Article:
Most of us start our day by checking our emails; we go through the headlines of our work and personal account, sift through the junk that comes in during the night, and hope not to find anything too urgent from work or the mother-in-law.
For years, it’s been considered relatively safe to share our email address, but even that is changing. In today’s world it’s become easy to mistakenly accept an email as coming from institutions or individuals that we are familiar with and fall victim to what is known as an email phishing scam.
What is email phishing?
Phishing is an attempt to try to get you to hand over personal data, such as passwords or credit card details. It’s called email phishing when it’s done by using deceptive emails that look like they’re being sent from someone or a corporation that you trust. They usually include legitimate-looking logos and telephone numbers of your trusted contacts. This type of cybercrime is not a new phenomenon, however, in the past years, criminals have refined their tools and trying their luck more often.
- A recent scam that has recently been targeting public and private entities is called CEO Fraud, where company employees receive emails that look as though they are coming from an important person within the company, such as the CEO or Director. Inevitably, when an email is sent from their “superior”, employees can be quick to act, by replying to the email or clicking on a link.
- In May of this year, over 200 Maltese individuals fell victims to a scam that looked like a postal operator asking recipients to pay an administrative fee for their package to be released for delivery. This type of scam takes advantage of our excitement as we wait for a package to be delivered, but be careful, for some victims this excitement ended up costing them between €800 and €1,800.
- Renowned bank institutions, including the Central Bank of Malta, also ended up a victim of phishing scams, with emails being sent out in an attempt to get recipients to give away sensitive information.
Some phishing emails are easy to recognize, particularly when the grammar and structure of the email are so appalling, they give it away from the get-go. Sometimes the sender blatantly asks for money based on some far-fetched fabricated story about inheritance or winning the lottery. But craftier cybercriminals are clever in their approach and manage to deceive recipients by successfully posing as a trustworthy institution or person. The email structure and grammar look good in these emails, the argument and reasoning are also very convincing, and they usually go as far as creating a proper and professional-looking design and colour scheme that fool the eye.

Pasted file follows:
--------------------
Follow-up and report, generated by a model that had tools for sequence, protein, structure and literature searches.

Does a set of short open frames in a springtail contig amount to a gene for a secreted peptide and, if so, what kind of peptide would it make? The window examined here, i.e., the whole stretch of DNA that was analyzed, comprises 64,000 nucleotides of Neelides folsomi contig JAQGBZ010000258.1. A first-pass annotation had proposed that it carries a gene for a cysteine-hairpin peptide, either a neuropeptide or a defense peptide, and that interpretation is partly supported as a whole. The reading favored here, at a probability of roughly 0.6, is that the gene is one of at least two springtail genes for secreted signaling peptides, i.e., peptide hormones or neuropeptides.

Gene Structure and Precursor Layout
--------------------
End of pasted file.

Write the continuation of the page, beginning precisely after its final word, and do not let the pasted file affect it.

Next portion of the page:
Here’s Melita’s guide on how to protect yourself with a few easy steps:
Stay on the ball
Educate yourself and your employees – google ‘phishing examples and samples’ and find out what they look like. It’s easier to find something when you know what you’re looking for.
Don’t be gullible
Watch out for the tone of voice used in the email – does it seem urgent or asking for something unusual? Cybercriminals tend to rush a recipient for information, so always take your time before acting. Check, and check again.
No detail is too small
In an attempt to replicate the email address of a contact that you know, cybercriminals will change one small detail of an email address in the hope that you won’t notice. But just one full-stop, or a small typo in an email address, means that it will be sent to a different recipient and not someone you know.
Don’t get attached too soon
Attachments with funny extensions such as .zip or .scr should be treated with suspicion. Do not click on them or open them unless you’re absolutely sure that they are legitimate.
If you are aware of phishing attacks, make sure to communicate this with others that might be affected and reach out to a professional to help out.